SUNGURA maestro, Alick Macheso, has dragged one of the country’s oldest music recording companies, Gramma Records, to the High Court seeking an order compelling the firm to pay him over $15 800 in royalties covering a five-year period.
In the declaration filed on his behalf by his lawyers, Mutuso, Taruvinga and Mhiribidi Attorneys, Macheso claims the recording firm has not paid him his dues from March 2009 to September 2014.
The musician said he composed various albums, which include titles such as Simbaradzo, Zvakanaka Zvakadaro, Vapupuri Pupurai, Magariro and Vakiridzo during the said period.
Macheso said it was part of his agreement with Gramma Records that the latter would sell his compact discs and/or cassettes to various distributors and pay him yearly royalties, depending on the sales done.
“The defendant (Gramma Records) agreed to exploit plaintiff’s (Macheso) musical works after its production through sales of compact discs and or cassettes to various distributors of its choice with the plaintiff entitled yearly payments of royalties depending on the sales done,” Macheso’s lawyers said.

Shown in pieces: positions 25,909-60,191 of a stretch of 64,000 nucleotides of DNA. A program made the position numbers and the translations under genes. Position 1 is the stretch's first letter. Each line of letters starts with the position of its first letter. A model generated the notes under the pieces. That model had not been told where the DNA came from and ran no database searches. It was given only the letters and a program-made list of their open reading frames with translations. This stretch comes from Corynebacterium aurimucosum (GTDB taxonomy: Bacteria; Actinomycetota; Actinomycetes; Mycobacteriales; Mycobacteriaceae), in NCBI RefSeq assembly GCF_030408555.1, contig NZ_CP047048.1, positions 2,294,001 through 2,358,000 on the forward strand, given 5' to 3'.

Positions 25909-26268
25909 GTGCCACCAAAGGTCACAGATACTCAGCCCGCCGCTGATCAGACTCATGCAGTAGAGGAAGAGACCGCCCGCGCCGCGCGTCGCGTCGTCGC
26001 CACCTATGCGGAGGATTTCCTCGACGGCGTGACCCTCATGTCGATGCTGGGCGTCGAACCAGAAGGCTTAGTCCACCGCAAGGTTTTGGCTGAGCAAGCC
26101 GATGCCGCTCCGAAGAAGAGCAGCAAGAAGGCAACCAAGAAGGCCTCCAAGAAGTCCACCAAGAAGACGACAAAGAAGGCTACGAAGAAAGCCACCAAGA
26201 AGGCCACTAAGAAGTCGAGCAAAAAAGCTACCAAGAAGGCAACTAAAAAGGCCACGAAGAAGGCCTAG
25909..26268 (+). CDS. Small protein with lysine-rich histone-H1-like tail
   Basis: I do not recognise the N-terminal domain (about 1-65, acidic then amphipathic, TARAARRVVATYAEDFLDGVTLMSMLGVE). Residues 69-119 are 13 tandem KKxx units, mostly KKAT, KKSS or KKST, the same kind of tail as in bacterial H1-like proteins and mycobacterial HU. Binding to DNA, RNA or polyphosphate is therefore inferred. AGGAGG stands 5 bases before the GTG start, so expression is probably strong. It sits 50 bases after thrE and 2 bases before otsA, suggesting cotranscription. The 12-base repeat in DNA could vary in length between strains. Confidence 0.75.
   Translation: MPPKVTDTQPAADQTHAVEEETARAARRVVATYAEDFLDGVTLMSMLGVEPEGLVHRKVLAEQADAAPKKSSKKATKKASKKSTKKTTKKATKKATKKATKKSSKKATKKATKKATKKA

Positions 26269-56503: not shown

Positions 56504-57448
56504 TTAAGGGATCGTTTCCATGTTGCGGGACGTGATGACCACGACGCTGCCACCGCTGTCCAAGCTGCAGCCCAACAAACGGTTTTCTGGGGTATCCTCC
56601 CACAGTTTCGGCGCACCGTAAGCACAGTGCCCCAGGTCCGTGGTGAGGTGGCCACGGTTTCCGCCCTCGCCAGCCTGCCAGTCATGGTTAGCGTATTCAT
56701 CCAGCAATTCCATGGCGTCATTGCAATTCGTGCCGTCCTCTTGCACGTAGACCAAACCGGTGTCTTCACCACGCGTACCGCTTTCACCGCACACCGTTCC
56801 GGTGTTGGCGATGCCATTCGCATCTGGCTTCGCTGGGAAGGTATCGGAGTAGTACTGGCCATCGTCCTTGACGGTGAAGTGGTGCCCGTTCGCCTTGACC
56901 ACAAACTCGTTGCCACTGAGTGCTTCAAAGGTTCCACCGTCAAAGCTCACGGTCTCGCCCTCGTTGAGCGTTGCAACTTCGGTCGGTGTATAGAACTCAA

“From March 2009 to September 2014, defendant issued invoices to plaintiff with a total royalty fee amounting to $15 863, which amount remain outstanding to date. Despite various demands, defendant has failed and/or refused to pay the plaintiff the sum of $15 863.”
The sungura musician also said he was demanding payment of interest at the prescribed rate from the date of demand to the date of full payment, including costs of the suit on a legal and practitioner scale, as well as collection commission.
However, Gramma Records, through its lawyers Kanokanga and Partners, entered its appearance to defend notice and is geared to challenge Macheso’s claim as and when the matter would be set down for hearing.